Fast and family friendly

By Jim Gorzelany
CTW Features

 The midsize Volvo S60 sedan remains a safe and stylish choice, with a new turbocharged and supercharged engine making it a speedy one as well The midsize Volvo S60 sedan remains a safe and stylish choice, with a new turbocharged and supercharged engine making it a speedy one as well It wasn’t that long ago that the Holy Grail among automotive engineers was to develop an engine that produced at least 100 horsepower per liter of displacement. While that’s since been accomplished, one automaker is pushing the envelope even further with a new 2.0-liter turbocharged and supercharged engine that generates an impressive 302 horses, or about 150 horsepower/liter. Perhaps surprisingly, you won’t find it under the hood of some exotic sports car, but rather in the seemingly mild-mannered Volvo S60 midsize sedan.

The Swedish automaker (owned by Chinese automaker Geely) is undergoing a product renaissance, with its stodgy and boxy product line being reinvented with a succession of updated models that display far more flair, fashion and finesse, but manage to retain the company’s core values of safety and efficiency.

Redesigned for 2014, the S60 is arguably Volvo’s most stylish product offered in North America. It eschews horizontal lines and creases for supple curves, with its wide front grille set low and its rear flanks high to create a slippery aerodynamic profile. For 2015 a revised engine lineup includes a base 2.0-liter 240-horsepower turbocharged four-cylinder and a 2.5-liter turbo five-cylinder with all-wheeldrive versions in base models, with a hotter 3.0-liter 325 horsepower inlinesix in the sporty T6 R-Design variants.

We recently gave the mid-range S60 T6 Drive-E (MSRP $39,000) an extended test and came away impressed with the aforementioned 302- hp turbo/supercharged engine and eight-speed automatic transmission. With 295 pound-feet of torque affording a neck-snapping leap off the line, a swelling wave of thrust propels this family friendly five-passenger sedan to 60 mph in 5.6 seconds. And it’s an efficient corral of horses, rated at 24/35-mpg city/highway.

Unfortunately, this engine is almost too perky — it took us a while to modulate our lead-footed launches, with the car’s auto stop/start function (it shuts down the engine while decelerating and/or stopped to save fuel) being particularly intrusive. Plus, the front-drive S60 exhibited pronounced torque steer, which is the annoying tendency of a fast front-drive car to pull to one side under aggressive acceleration. Equipping the car with allwheel drive would help in this regard, and while AWD is offered elsewhere in the line, it’s not available here.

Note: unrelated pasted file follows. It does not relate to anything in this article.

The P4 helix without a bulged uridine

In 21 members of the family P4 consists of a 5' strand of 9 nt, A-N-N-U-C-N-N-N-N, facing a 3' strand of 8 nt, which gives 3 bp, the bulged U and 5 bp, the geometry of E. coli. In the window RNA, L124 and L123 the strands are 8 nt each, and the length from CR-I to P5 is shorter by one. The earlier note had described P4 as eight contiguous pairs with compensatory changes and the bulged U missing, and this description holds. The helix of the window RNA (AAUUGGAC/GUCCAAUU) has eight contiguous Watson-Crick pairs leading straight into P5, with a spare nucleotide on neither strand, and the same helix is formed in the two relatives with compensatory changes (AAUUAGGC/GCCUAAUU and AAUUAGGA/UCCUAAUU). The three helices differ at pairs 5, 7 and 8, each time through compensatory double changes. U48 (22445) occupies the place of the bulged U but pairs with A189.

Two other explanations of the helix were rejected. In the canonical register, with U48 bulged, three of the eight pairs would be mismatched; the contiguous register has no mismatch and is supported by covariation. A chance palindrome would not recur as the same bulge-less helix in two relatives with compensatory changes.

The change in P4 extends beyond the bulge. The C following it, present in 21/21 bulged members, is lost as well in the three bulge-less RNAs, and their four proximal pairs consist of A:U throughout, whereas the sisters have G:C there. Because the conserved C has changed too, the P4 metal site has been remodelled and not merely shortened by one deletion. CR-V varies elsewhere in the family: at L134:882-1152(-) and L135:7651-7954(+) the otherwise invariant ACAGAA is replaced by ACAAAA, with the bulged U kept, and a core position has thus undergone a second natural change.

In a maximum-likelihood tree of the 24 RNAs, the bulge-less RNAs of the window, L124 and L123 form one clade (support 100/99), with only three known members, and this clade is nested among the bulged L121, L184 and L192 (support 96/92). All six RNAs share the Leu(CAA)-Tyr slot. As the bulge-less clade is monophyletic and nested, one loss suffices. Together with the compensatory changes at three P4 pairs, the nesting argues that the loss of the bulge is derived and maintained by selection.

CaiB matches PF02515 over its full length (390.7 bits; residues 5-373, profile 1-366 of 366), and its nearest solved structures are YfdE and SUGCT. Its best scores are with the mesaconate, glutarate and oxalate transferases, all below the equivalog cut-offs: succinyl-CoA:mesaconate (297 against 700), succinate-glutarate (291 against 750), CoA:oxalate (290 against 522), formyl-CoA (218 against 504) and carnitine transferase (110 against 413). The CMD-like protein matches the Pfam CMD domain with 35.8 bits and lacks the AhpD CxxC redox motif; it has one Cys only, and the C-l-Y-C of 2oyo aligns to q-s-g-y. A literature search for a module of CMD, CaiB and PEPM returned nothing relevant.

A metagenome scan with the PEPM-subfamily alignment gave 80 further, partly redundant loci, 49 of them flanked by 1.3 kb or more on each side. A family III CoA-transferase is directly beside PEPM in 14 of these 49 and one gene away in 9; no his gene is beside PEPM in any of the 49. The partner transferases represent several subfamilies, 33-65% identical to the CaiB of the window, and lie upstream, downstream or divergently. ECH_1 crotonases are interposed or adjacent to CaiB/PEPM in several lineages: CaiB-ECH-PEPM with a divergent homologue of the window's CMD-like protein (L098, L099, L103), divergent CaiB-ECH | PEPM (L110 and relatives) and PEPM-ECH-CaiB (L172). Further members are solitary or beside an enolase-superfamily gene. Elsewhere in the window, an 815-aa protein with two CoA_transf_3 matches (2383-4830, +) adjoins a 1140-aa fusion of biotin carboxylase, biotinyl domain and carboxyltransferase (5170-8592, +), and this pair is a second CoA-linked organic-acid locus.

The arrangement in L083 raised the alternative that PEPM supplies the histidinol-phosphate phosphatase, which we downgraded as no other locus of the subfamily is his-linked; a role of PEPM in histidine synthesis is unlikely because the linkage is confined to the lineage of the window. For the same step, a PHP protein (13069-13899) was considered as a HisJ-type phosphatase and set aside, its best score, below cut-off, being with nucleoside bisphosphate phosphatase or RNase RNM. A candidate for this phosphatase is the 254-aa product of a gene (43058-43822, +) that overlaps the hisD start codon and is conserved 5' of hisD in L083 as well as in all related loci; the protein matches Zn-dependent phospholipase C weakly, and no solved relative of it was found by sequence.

Otherwise the S60 is a real charmer. It handles more playfully than the typical midsize model and delivers an acceptably smooth ride that only gets unnerved over extended periods of broken or uneven pavement. Steering is about mid-effort with sufficient feedback to the driver.

The S60’s interior is smoothly and efficiently cast, with the dashboard featuring large and legible gauges and reasonably straightforward touchscreen and tactile controls for the infotainment, climate control and other systems. Volvo’s OnStar-like Sensus Connect telematics system is newly added this year and it comes with a six-month trial subscription.

Front seats are designed with aggressive driving in mind, affording good support for keeping occupants upright in quick cornering maneuvers; they’re not the plushest and most comfortable seats around, however. While front legroom is generous, it can be uncomfortably tight with the front seats all the way back.

Volvo buyers expect their cars to offer the latest safety features, and the S60 doesn’t disappoint in that regard, offering lane departure and blind spot warning systems and self-braking forward collision mitigation systems that work at both highway speeds and in urban traffic, and can even apply the brakes in response to bicyclists and pedestrians crossing the driver’s path.

As if that’s not enough, the S60 offers a new self-parallel-parking function that will identify an appropriate-sized spot and automatically steer the car into it, with the driver only responsible for the brake pedal and transmission lever.

While the S60 doesn’t come cheap, it’s a decent value compared to the midsize luxury competition from Audi, BMW and Mercedes-Benz. The car’s MSRP ranges from $33,750 for a base front-drive model to $46,950 for the top all-wheel-drive T6 R-design model (about $50,000 fully loaded).

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